PONTE VEDRA BEACH, FLORIDA | For all the new, nine-year domestic media rights deal announced Monday may buy the PGA Tour – it’s valued in billions, not millions – it can’t buy any assurance that the tour playing schedule won’t be directly impacted by the coronavirus outbreak.
For the time being, commissioner Jay Monahan said Tuesday at the Players Championship, it’s full speed ahead with the schedule as it’s currently structured.
Unless it changes.
That’s about as definitive as Monahan could be when he was pressed on the subject during his hour-long press conference.
What else could he say?
In any other year, Monahan could have spent the majority of his time celebrating the tour’s pride-and-joy event along with the far-reaching impact of the new media deal which mushrooms not just the tour’s bank balance but also its reach.
But this isn’t like other years. There is a World Golf Championship scheduled in Austin, Texas, in two weeks, the same Austin that recently called off its South by Southwest festival out of concerns that bringing 300,000 people together might not be the best idea right now.
There are also whispers that the PGA Championship – scheduled for TPC Harding Park in San Francisco in May – could be forced to move, possibly even to the Stadium Course at TPC Sawgrass where the Players Championship will begin Thursday. The rumors were hot enough that the PGA of America issued a statement saying it still intends to play at Harding Park.
Unless, of course, it doesn’t.
That’s where Monahan and professional golf find themselves in these strange days, wanting to do the right thing while wondering exactly what that is.
Every hour, it seems, brings another virus-related announcement while the prospect of contesting sporting events without spectators – if the games are played at all – seems to be growing.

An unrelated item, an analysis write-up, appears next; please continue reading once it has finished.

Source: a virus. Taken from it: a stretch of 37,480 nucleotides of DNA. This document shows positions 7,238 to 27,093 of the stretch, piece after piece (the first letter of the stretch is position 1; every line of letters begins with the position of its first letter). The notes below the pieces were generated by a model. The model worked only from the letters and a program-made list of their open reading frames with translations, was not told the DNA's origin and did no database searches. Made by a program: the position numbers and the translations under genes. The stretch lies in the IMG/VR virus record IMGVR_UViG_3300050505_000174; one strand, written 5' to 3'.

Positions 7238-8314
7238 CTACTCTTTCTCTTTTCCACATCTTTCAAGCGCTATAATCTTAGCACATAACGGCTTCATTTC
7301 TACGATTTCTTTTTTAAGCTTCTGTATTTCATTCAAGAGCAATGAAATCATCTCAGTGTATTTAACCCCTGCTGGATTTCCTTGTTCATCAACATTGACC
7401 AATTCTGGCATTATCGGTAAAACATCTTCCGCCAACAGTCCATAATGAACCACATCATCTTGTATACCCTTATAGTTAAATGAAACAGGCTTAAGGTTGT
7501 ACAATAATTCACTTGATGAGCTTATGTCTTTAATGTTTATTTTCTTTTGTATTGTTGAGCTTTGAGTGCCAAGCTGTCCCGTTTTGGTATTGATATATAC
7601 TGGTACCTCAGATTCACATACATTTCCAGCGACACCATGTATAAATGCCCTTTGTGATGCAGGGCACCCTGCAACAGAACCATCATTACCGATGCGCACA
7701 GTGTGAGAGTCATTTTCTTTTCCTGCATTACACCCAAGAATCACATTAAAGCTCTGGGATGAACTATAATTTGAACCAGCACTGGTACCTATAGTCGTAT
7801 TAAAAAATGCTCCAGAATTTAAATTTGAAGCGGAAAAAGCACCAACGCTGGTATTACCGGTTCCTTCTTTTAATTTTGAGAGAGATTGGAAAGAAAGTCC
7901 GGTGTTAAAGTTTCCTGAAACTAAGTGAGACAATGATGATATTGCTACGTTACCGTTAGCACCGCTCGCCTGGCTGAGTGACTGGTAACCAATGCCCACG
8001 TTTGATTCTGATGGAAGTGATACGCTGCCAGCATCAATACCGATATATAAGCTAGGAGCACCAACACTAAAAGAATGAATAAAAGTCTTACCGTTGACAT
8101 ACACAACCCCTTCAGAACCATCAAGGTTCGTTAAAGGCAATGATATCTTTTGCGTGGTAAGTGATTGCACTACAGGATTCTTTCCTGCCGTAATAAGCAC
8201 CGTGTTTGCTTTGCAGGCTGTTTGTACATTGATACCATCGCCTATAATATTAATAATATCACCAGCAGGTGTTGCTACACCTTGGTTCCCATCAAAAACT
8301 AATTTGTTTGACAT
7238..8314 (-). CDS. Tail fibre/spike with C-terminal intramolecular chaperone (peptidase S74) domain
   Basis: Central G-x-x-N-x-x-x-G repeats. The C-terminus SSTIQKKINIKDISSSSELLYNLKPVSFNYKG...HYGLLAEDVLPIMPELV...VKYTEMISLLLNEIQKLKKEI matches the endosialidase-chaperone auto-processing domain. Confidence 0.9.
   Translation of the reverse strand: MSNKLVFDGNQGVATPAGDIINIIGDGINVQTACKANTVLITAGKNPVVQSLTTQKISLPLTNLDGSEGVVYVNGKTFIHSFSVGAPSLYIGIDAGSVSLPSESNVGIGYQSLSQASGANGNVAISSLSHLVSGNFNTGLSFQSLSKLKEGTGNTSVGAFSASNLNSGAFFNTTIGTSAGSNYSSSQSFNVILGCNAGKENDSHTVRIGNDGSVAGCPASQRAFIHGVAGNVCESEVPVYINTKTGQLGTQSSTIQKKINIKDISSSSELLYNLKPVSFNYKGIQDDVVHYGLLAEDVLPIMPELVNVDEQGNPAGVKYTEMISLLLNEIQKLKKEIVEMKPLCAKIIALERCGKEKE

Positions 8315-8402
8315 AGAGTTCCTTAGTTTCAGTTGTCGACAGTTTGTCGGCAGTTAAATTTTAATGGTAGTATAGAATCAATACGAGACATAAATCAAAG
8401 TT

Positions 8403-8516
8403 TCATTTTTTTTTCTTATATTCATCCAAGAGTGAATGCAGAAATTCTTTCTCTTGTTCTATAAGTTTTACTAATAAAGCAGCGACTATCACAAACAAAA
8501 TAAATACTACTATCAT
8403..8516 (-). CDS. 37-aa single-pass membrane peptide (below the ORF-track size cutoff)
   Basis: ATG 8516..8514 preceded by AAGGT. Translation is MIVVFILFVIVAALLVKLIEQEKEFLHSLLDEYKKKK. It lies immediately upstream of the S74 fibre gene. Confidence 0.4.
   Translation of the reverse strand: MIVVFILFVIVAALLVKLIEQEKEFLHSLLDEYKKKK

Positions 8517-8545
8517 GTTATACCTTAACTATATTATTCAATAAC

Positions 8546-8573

“At this point, I think everybody is planning on moving forward full speed ahead, exercising their tournaments but also keeping an open eye and an open mind to the information coming their way,” Monahan said.
It’s not as if the tour is relying on the internet for its information. Monahan said the tour now has what amounts to a business unit devoted to the virus outbreak with dedicated officials working in conjunction with the World Health Organization, the Centers for Disease Control and various state and local officials where events are scheduled.
More than once, Monahan used the word “dynamic” to describe the uncertain and unsettling landscape.
In other words, what’s true today may not be true tomorrow. It’s the new normal.
“There is no plan at this point in time for the PGA Championship to be held here. It’s going to be held at TPC Harding Park,” Monahan said.
Monahan went on to say that as a partner of the PGA of America, the tour would be willing to do whatever it could if circumstances were to change
“This thing is so dynamic that you just have to go hour to hour, day to day … ” – Jay Monahan
Asked specifically about whether he expects the match-play event to go on as scheduled in Austin, Monahan said that’s the plan then understandably hedged by saying the tour will remain in close contact with local officials there.
“This thing is so dynamic that you just have to go hour to hour, day to day, but right now we have every assurance that we’ll be in Austin for the event,” Monahan said.
Without getting into specifics, Monahan said holding a tour event in Austin is different from a massive convention such as South by Southwest. It wouldn’t be a shock if the 64-player event were to be played absent galleries given what’s happening around the country.
“If your public health officials feel confident that everyone can enter into a safe environment and that we’re protecting the well being of all folks on site (then) we’re going to move forward,” Monahan said.
It almost made the notion of the Premier Golf League seem inconsequential. The proposal isn’t going away, at least not yet, but Monahan and the tour are playing from a position of strength, particularly with the new rights deal in place and world No. 1 Rory McIlroy saying he wants no part of the new tour.
“As I’ve talked to a lot of top players in my one-on-one conversations, I’ve heard a lot of the same,” Monahan said.
In the course of his press conference, Monahan casually dropped in this nugget: The PGA Tour projects approximately $12 billion in revenue over the next decade.
That’s about $1.2 billion a year, give or take a few hundred million.
That’s a good place from which to be moving forward.
For the moment, however, there are more pressing matters. Stay tuned.
PGA Tour Commissioner Jay Monahan. Photo: Lee Jin-man, Associated Press
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